This year, as the weather warmed up, the kids got moving thanks to a National Park Foundation ‘Active Trails’ Grant. All throughout Chattanooga’s long outdoor season in this southern town, Nikki Lewis was busy gathering kids to participate in experiences that got them checking out views and interacting with nature in new and exciting ways. As early as April, the kids were practicing their camping skills with a practice Fake Out Campout, which got even the little ones excited about getting big enough to join the fun of real camping out at Chickamauga National Military Park at the end of the month.
Then with all the excitement of a new trail built to connect Sherman Reservation with Glass Street, it was the perfect time to engage area youth with both the natural and cultural history of the National Park closest to their own neighborhood. GHC teams led a few group walks up to the battlefield memorial site, gathering input from the youth about what they imagine experiencing in the space, and how they may creatively enjoy the land in various seasons. In May, there was opportunity to see through the lighter foliage, for example, while later in July, when the kids participated in two separate design thinking activity days at the park, the leaves were dense and many kids asked questions about the trees, while also expressing the wish to have a lookout to view the river valley below, all of which was recorded for later analysis as groups consider best ways to manage the land communities have regular access to.
The community gathered for a day of history and commemoration during the Juneteenth celebration at Sherman Reservation, featuring reenactments, poetry, and music to mark the official end of slavery in its last holdout in Texas. The beautiful Sherman Reservation fields provided an ideal green space for the event, as the battle fought there proved pivotal in the eventual triumph of the Union forces in the Chattanooga area toward the end of the Civil War.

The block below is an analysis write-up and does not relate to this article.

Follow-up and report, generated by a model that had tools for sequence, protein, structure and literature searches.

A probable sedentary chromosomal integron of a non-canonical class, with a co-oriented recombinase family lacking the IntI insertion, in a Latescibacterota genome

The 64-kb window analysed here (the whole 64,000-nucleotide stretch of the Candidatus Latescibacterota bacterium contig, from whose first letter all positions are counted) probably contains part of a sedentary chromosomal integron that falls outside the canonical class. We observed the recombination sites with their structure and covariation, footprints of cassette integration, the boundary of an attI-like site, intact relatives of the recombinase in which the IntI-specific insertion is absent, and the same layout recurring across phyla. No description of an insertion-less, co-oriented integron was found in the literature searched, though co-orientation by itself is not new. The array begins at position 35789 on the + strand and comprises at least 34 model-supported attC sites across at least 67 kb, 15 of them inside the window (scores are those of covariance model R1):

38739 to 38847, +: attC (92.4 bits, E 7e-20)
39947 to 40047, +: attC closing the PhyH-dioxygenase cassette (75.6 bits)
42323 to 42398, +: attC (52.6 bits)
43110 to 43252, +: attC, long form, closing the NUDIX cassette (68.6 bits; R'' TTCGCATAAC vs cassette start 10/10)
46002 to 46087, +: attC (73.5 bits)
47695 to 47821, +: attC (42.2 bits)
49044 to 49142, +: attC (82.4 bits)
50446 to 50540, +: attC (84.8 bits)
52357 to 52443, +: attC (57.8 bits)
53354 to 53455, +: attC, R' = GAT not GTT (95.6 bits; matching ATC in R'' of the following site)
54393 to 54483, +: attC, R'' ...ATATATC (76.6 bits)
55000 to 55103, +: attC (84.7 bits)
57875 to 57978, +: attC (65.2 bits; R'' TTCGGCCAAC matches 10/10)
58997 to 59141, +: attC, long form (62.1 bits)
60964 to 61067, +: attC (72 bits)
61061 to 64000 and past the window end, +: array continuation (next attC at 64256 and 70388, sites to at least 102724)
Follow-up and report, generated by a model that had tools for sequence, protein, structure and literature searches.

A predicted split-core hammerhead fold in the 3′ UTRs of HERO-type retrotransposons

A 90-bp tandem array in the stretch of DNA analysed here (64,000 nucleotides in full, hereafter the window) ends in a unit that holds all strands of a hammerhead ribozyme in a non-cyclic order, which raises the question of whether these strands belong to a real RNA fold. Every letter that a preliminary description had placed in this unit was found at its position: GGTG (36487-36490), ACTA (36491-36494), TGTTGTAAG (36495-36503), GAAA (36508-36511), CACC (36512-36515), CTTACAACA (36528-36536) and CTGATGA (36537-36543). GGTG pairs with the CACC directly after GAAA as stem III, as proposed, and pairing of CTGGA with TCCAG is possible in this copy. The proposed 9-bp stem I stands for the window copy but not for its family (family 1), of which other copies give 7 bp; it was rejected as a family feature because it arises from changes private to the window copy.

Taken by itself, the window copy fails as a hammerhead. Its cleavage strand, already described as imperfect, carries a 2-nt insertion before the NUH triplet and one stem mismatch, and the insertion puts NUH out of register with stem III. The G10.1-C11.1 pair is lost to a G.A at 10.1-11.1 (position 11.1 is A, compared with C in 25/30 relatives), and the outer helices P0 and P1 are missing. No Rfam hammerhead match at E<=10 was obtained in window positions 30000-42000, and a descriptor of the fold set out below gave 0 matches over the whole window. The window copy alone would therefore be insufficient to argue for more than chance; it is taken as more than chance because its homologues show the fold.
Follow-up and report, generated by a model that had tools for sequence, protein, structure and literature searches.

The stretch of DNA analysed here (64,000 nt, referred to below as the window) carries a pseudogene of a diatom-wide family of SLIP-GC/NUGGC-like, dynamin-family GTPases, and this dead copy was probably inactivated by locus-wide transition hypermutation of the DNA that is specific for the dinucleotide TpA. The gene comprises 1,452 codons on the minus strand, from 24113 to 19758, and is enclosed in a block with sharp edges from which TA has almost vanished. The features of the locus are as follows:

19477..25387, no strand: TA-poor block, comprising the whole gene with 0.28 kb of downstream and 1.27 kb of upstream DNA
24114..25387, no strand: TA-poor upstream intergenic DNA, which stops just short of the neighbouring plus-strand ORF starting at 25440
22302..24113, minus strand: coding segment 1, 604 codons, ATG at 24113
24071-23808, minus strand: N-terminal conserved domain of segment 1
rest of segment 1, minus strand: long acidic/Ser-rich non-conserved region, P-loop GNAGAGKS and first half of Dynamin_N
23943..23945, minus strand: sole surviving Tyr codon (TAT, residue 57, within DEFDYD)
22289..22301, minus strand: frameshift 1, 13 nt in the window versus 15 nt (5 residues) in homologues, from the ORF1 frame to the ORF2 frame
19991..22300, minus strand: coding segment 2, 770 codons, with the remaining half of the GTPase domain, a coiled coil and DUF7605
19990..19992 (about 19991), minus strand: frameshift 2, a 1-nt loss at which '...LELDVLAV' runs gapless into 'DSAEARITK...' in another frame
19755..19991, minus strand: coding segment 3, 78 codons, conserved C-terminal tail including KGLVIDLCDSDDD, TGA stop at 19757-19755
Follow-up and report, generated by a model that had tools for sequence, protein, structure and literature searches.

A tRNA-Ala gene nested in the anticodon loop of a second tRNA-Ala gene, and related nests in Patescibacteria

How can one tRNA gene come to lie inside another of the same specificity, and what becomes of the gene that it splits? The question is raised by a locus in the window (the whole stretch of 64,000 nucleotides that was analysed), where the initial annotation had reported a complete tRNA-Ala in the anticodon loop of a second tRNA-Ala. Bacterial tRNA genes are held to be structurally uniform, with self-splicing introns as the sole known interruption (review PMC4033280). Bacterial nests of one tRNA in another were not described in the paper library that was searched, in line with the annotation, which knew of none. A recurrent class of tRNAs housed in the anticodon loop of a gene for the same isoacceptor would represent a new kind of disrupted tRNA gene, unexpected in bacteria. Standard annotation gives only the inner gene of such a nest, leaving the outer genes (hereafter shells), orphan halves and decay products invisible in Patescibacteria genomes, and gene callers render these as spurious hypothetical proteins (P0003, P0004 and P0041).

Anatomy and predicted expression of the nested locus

As for iconic views, those interested in getting a little farther away from home via CARTA bus service had just such an opportunity to enjoy classic views from atop Lookout Mountain’s Point Park last May. The group took 12 kids that had never been up to the top of Chattanooga’s most iconic peak across town to ride the Incline Railway up to Point Park. Although some of the younger kids expressed trepidation about the wooden funicular track, they overcame their initial nerves to share the adventure with others! As with many new outdoor experiences for these Glass Street kids, the desire join in grows as new participants hear feedback shared by their peers. The next trip up to Lookout Mountain made great use of CARTA’s #10 bus route with transfer to St. Elmo for a bit of an older group of teens the next time around, in July, and once again, the views from the park as well as the Incline Railway were a huge hit.
To re-cap: overall this season on Glass Street Active Trails funded 23 trips for 800+ participants utilizing help from 60+ volunteers.
The work continues to expand, growing interest and participation among area youth even as the Active Trails grant cycle has drawn to a close. As recently as early October, as the beautiful warm season began to fade, replaced by a crisp autumn chill, Glass Street youth once again gathered on Saturday Oct. 8 for a Fake Out camping practice prior to last weekend’s trip to the Tennessee River Gorge where seven youth camped in a primitive cabin with local resident Ryan Keller and Nikki Lewis, serving as a leader in her work as an Outdoor Ambassador for the city’s Office of Multi-Cultural Affairs. The group learned about the efforts to conserve this pristine section of the Tennessee River and surrounding trails and wilderness.
Although colder weather and shorter days will now be sending many Active Trails trip participants back indoors, these excursions have irrevocably widened the horizons for the youth around Glass Street, and Nikki firmly believes they’ll be eager to get outside more often now that they’ve enjoyed the view.